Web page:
By Jeff Mackler
Joseph Ryan – his friends usually called him Joe – called me in late May from his home in Denver offering to resume his editorship of our COVID-interrupted print edition of our monthly newspaper, Socialist Action. I heartedly agreed and at Joe’s request sent him a dozen articles for inclusion in what we planned to be our summer issue. Joe was especially motivated to return to editing our newspaper by our website articles on the war in Ukraine. As was Joe’s lifelong habit, he insisted on letting us know where he stood, in this case, mercilessly pillorying those on the left who ignored the central role of U.S. imperialism in instigating the 2014 fascist-led coup and the coup government’s subsequent murderous attacks on the Russian-speaking people of the Donbas that set into motion today’s war and its associated horrors.
A few days after Joe’s agreement to begin work, he checked into a local Denver hospital for a routine shot for his shingles condition. His body apparently reacted violently. Joe, 78, mysteriously and tragically died a day later, with zero explanation from the hospital’s medical and administrative staff. His former wife of decades past, Ellen Schattner, with whom Joe lived for the past seven years as friend and loving companion, is still seeking answers. Ellen sent along her memories of Joe that I have incorporated in this obituary.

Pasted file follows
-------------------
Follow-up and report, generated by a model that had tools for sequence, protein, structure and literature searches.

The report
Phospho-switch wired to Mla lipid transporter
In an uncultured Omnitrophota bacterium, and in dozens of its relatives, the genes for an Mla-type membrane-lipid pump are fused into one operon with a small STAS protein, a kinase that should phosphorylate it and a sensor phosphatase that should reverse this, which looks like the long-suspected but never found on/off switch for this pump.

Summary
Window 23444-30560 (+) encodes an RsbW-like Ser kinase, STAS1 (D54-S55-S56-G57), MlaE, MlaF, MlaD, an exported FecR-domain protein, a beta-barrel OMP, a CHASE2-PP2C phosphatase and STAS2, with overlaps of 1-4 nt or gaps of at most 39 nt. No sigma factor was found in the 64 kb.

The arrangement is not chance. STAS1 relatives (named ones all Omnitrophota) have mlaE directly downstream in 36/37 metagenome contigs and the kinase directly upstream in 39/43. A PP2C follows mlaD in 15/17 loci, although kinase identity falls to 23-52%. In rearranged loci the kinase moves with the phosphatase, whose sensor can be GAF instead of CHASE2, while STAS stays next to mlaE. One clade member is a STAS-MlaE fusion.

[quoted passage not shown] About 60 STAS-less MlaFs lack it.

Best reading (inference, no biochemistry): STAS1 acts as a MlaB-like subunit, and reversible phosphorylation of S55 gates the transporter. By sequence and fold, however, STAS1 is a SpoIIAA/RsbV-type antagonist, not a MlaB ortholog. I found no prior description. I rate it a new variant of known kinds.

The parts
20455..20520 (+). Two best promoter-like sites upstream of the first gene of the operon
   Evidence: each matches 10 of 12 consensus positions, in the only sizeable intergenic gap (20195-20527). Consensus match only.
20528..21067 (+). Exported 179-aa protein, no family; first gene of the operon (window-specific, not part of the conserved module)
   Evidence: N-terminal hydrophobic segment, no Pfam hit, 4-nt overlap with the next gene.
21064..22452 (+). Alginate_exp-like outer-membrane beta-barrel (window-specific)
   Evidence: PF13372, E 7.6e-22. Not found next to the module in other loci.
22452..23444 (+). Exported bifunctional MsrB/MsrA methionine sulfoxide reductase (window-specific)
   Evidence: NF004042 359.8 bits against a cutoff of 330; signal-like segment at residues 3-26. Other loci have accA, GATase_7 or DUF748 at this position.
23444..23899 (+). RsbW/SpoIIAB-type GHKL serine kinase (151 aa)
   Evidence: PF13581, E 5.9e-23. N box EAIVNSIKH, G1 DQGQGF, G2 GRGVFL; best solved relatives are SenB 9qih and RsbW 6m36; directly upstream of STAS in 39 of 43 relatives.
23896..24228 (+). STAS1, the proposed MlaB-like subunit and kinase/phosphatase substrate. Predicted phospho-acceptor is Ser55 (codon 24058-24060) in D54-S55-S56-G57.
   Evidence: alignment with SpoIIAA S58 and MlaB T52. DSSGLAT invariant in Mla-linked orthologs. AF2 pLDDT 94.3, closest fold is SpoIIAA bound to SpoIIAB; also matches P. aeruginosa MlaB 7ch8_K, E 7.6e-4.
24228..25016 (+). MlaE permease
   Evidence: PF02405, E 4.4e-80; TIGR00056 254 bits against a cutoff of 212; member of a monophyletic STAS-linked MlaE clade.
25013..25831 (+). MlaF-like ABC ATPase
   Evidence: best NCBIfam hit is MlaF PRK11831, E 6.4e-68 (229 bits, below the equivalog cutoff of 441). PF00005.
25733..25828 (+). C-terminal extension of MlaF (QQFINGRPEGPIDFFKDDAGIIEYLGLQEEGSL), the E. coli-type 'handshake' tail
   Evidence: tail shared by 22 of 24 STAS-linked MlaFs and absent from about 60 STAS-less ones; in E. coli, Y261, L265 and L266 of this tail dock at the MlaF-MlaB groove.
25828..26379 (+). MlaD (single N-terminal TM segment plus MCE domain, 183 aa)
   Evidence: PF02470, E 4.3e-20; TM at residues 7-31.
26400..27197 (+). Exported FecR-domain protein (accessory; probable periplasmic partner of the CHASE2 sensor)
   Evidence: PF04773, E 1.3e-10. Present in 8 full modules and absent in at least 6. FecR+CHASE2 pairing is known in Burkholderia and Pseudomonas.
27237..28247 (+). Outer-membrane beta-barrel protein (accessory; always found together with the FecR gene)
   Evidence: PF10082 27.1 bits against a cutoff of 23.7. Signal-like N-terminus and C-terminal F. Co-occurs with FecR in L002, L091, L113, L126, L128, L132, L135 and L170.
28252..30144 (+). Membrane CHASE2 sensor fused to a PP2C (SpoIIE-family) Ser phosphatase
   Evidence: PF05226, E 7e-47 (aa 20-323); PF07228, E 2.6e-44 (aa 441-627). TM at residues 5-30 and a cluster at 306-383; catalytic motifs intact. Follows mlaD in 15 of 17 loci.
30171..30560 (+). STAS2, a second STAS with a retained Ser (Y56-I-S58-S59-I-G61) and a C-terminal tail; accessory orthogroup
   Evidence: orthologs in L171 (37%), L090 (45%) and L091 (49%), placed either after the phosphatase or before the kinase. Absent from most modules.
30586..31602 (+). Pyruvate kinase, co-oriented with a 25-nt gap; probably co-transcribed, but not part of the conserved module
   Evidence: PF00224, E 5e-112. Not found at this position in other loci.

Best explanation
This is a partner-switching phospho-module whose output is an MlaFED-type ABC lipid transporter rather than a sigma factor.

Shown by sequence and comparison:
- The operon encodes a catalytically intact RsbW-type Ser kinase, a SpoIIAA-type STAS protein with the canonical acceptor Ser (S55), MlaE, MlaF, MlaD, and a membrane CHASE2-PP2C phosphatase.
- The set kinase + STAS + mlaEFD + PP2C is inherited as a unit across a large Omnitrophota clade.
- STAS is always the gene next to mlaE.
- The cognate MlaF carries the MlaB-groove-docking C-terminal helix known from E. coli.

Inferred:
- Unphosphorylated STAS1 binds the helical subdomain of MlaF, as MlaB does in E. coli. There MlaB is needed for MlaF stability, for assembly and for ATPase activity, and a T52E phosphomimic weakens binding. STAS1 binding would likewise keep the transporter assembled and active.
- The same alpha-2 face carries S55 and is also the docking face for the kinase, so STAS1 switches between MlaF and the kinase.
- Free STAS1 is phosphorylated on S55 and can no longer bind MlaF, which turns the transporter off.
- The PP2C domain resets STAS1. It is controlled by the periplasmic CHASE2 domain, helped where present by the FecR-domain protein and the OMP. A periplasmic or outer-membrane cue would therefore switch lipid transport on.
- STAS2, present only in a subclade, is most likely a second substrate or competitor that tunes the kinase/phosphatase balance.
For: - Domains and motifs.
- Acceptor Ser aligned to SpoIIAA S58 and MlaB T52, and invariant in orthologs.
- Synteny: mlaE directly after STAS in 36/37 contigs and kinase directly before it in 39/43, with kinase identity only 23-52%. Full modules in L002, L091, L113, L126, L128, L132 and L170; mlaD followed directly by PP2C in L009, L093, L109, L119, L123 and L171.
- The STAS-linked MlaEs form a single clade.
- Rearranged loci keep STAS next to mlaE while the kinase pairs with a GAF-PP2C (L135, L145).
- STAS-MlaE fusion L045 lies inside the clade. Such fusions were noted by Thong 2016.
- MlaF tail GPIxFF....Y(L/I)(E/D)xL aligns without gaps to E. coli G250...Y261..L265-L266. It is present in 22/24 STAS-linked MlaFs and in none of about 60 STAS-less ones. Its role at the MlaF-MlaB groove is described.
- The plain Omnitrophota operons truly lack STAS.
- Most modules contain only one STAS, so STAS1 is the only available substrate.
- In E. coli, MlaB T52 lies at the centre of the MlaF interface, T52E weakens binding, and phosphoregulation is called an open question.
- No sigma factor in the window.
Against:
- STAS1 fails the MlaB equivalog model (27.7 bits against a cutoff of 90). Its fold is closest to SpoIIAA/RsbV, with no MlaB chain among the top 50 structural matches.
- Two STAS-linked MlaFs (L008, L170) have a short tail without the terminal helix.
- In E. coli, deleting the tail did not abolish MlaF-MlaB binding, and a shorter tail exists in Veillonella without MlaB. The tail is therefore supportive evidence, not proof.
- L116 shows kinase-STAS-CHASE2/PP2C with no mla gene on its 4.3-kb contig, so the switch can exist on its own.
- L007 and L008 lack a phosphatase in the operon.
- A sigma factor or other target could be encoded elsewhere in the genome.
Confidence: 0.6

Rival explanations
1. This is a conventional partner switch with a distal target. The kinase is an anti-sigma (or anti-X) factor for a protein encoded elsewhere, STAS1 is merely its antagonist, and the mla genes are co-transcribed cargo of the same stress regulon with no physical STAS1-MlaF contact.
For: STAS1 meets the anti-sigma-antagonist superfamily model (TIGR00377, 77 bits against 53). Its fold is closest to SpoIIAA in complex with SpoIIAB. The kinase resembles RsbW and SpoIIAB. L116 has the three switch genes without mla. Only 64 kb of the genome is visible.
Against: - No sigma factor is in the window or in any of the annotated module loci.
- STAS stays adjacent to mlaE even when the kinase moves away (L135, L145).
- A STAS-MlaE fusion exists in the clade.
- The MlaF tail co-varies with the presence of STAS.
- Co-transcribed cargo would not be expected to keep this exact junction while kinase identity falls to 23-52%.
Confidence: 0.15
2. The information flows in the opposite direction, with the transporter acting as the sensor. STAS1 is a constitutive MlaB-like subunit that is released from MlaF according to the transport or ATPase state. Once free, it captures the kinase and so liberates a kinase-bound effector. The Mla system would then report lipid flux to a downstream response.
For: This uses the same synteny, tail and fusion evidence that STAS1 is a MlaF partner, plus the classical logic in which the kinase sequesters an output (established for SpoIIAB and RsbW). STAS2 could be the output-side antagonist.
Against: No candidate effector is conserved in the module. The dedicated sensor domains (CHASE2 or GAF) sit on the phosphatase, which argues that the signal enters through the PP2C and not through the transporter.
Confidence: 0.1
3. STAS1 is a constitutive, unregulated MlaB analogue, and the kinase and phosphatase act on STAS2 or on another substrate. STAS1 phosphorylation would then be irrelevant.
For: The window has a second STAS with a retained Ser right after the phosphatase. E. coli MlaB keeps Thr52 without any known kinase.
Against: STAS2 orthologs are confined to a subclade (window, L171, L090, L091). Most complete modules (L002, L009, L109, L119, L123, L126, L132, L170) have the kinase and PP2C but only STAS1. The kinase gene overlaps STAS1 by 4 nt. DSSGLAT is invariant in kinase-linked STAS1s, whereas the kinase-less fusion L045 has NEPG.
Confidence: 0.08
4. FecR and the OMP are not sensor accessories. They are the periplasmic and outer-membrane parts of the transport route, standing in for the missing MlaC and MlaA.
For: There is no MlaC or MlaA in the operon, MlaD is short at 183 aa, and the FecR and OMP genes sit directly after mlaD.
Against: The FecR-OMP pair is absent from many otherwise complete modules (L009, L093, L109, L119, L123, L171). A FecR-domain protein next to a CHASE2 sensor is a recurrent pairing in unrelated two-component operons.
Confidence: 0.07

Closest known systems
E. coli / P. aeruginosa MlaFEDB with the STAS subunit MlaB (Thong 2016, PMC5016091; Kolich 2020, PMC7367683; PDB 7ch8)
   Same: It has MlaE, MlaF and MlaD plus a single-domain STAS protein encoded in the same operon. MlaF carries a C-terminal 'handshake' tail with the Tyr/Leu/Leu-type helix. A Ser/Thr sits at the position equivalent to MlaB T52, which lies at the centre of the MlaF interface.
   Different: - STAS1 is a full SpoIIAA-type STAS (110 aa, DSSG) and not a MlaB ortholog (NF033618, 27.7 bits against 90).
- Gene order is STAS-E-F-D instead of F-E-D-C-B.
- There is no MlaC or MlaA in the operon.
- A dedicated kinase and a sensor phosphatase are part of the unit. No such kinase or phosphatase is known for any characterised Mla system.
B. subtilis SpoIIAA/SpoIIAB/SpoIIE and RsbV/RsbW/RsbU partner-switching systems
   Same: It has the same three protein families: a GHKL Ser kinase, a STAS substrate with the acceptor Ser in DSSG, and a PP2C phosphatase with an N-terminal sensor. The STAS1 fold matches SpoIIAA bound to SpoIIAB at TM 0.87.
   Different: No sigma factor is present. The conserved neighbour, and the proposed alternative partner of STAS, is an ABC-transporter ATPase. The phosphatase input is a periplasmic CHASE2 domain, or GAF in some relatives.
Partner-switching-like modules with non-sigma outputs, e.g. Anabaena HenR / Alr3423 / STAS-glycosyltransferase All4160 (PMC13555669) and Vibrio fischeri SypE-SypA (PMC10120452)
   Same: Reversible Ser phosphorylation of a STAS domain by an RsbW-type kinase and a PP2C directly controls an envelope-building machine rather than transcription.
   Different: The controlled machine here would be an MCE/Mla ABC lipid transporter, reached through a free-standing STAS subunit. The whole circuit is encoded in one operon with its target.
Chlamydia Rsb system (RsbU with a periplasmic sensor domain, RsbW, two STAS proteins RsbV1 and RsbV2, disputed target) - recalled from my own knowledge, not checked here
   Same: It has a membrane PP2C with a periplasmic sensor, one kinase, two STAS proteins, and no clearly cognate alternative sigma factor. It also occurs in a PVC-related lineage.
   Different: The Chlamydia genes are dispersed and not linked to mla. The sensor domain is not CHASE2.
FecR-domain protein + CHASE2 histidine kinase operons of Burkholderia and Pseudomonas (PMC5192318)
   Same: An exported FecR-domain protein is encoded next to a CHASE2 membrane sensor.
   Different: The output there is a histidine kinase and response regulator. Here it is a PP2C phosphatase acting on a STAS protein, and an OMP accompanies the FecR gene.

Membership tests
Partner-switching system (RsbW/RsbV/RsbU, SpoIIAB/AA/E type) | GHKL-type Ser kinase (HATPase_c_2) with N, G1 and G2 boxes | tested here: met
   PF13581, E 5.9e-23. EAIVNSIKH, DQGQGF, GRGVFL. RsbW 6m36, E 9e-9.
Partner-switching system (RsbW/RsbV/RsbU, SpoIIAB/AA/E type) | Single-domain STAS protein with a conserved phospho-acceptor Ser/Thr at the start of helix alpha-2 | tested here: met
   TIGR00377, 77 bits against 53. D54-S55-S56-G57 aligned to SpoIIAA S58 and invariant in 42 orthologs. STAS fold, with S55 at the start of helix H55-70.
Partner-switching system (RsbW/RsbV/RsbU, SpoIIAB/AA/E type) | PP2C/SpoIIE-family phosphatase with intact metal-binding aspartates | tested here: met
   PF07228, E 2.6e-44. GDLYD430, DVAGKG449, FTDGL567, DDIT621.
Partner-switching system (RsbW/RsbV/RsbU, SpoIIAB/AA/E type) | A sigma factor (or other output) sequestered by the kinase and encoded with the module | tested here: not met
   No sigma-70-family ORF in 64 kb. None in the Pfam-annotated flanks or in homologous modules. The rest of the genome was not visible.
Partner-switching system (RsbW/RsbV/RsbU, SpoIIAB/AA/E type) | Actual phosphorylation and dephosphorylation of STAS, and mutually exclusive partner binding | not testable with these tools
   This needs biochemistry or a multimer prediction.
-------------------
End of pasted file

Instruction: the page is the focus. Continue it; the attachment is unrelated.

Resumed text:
Joe Ryan served full time for almost two decades as editor, co-editor, staff writer and photojournalist for Socialist Action’s monthly newspaper beginning with our founding in 1981. He was among the hundreds of expelled Socialist Workers Party members and leaders who resisted the SWP’s abandonment of its Trotskyist and Leninist heritage. He viewed Socialist Action as the embodiment of political continuity with that history.
Joe remained loyal to this revolutionary tradition even after his departure from Socialist Action following an unwarranted split over the 1999 U.S. bombing of Yugoslav. While both sides opposed the U.S. war and joined in leading the mass U.S. mobilizations against it, Joe’s faction turned a blind eye to Yugoslav President Slobodon Milosevic’s massive persecution and slaughter of the Kosovo people. Socialist Action defended their right to self-determination.
Soon after leaving Socialist Action Joe found work at the San Francisco Chronicle newspaper, using his now substantial computer newspaper design and layout skills there for some 15 years while participating in the newspaper’s CWA trade union local. He retired with a pension that provided him a sense of security and well being that allowed him to regularly volunteer his time and energy to various Socialist Action projects.
Joe’s full time assignments in Socialist Action included his designing and often editing the majority of the 110 books and pamphlets we published over some 40 years. His design skills coupled with his expertise in photography produced a stunning array of attractive and popular pamphlets that were sold by Socialist Action branches across the country. Joe spent countless hours sequestered in his improvised dark room at our San Francisco national headquarters developing and printing his often dynamic photos that marked the great social protests of the times. These often found their way into our newspaper and other publications as well as into his personal collection.